As Stoptober begins, a groundbreaking new study has found that mothers who smoke during pregnancy and while breastfeeding could be harming the fertility of their children – particularly boys.
Tests carried out on mice by researchers in Australia have shown for the first time that smoking damages developing reproductive organs.
The male offspring of mice exposed to smoking showed a permanent, and lower sperm count. The cigarette toxins made their sperm cells misshapen and unable to swim properly – hindering their ability to fertilise an egg.
Lead author of the study, professor Eileen McLaughlin, said:
“This is the first time we have been able to prove conclusively that male baby exposure to cigarette toxins in pregnancy and early life will damage later life fertility.
“We now know that exposure to cigarette toxins directly affects the stem cell population in the testes, causing a permanent reduction in the population of sperm produced.”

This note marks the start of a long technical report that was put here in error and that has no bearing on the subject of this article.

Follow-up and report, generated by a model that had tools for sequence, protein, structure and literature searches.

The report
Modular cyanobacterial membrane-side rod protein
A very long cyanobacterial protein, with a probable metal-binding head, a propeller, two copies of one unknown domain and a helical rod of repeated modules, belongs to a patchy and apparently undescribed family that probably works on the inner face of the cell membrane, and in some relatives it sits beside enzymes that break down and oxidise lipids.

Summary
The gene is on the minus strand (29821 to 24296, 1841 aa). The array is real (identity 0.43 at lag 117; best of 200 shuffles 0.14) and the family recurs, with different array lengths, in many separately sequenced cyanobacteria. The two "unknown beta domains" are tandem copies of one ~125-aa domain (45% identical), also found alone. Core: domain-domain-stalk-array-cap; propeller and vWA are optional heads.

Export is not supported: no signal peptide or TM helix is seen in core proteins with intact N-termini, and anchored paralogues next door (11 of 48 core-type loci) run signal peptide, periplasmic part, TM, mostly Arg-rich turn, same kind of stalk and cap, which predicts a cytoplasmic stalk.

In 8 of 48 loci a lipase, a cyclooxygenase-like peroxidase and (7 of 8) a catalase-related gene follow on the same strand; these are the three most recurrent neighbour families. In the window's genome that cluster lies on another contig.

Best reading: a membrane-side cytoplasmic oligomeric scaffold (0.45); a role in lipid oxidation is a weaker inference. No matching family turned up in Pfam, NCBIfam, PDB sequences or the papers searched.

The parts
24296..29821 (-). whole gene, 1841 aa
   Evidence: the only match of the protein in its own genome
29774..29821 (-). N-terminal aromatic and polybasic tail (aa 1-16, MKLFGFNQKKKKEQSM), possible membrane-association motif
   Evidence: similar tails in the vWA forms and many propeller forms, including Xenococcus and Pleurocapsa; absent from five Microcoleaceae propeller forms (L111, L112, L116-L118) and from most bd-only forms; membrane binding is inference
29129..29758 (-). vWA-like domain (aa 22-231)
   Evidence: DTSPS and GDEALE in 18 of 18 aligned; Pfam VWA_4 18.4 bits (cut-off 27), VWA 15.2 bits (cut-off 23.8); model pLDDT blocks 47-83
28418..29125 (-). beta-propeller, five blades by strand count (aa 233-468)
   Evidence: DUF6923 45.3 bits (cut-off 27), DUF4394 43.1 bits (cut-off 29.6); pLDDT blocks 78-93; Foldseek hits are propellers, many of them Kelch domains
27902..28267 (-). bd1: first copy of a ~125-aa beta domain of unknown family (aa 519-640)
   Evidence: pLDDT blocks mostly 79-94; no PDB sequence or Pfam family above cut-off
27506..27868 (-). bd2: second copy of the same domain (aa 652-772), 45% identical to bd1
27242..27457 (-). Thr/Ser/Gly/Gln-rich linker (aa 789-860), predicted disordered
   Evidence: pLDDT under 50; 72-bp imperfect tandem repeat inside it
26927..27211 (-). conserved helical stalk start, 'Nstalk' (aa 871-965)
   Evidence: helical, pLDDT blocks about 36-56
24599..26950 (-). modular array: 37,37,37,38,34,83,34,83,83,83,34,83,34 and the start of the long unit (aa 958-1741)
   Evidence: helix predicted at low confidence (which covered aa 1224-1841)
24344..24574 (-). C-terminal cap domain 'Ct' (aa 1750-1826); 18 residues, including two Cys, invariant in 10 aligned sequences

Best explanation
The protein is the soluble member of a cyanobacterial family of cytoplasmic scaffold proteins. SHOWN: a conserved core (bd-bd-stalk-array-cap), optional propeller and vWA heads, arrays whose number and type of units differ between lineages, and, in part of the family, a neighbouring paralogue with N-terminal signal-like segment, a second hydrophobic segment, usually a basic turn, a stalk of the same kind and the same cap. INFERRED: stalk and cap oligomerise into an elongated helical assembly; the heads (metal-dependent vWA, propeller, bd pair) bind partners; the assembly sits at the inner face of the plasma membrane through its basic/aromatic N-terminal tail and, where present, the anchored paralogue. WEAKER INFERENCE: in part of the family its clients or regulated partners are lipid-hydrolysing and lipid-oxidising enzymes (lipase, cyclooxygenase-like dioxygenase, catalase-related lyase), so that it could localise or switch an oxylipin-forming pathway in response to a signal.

These findings are thought to pinpoint why there are a number of cases of sub-fertility in men in their 30s and 40s.
In the womb, these men were more likely to have been exposed to cigarette toxins as less was known back then about the dangers of smoking during pregnancy.
Today around 25% of young women smoke while pregnant, and continue to do so while breastfeeding, but it is hoped this new research will make an impact.
Sheena Lewis, Professor of Reproductive Medicine at Queens University Belfast, and co-author of the British Fertility Society Guidelines on Male Reproduction said:
“Mothers who smoke when pregnant are potentially doing irreversible damage to their sons’ fertility.
“If these mothers care about their sons’ future happiness and want grandchildren, they should stop smoking during pregnancy.”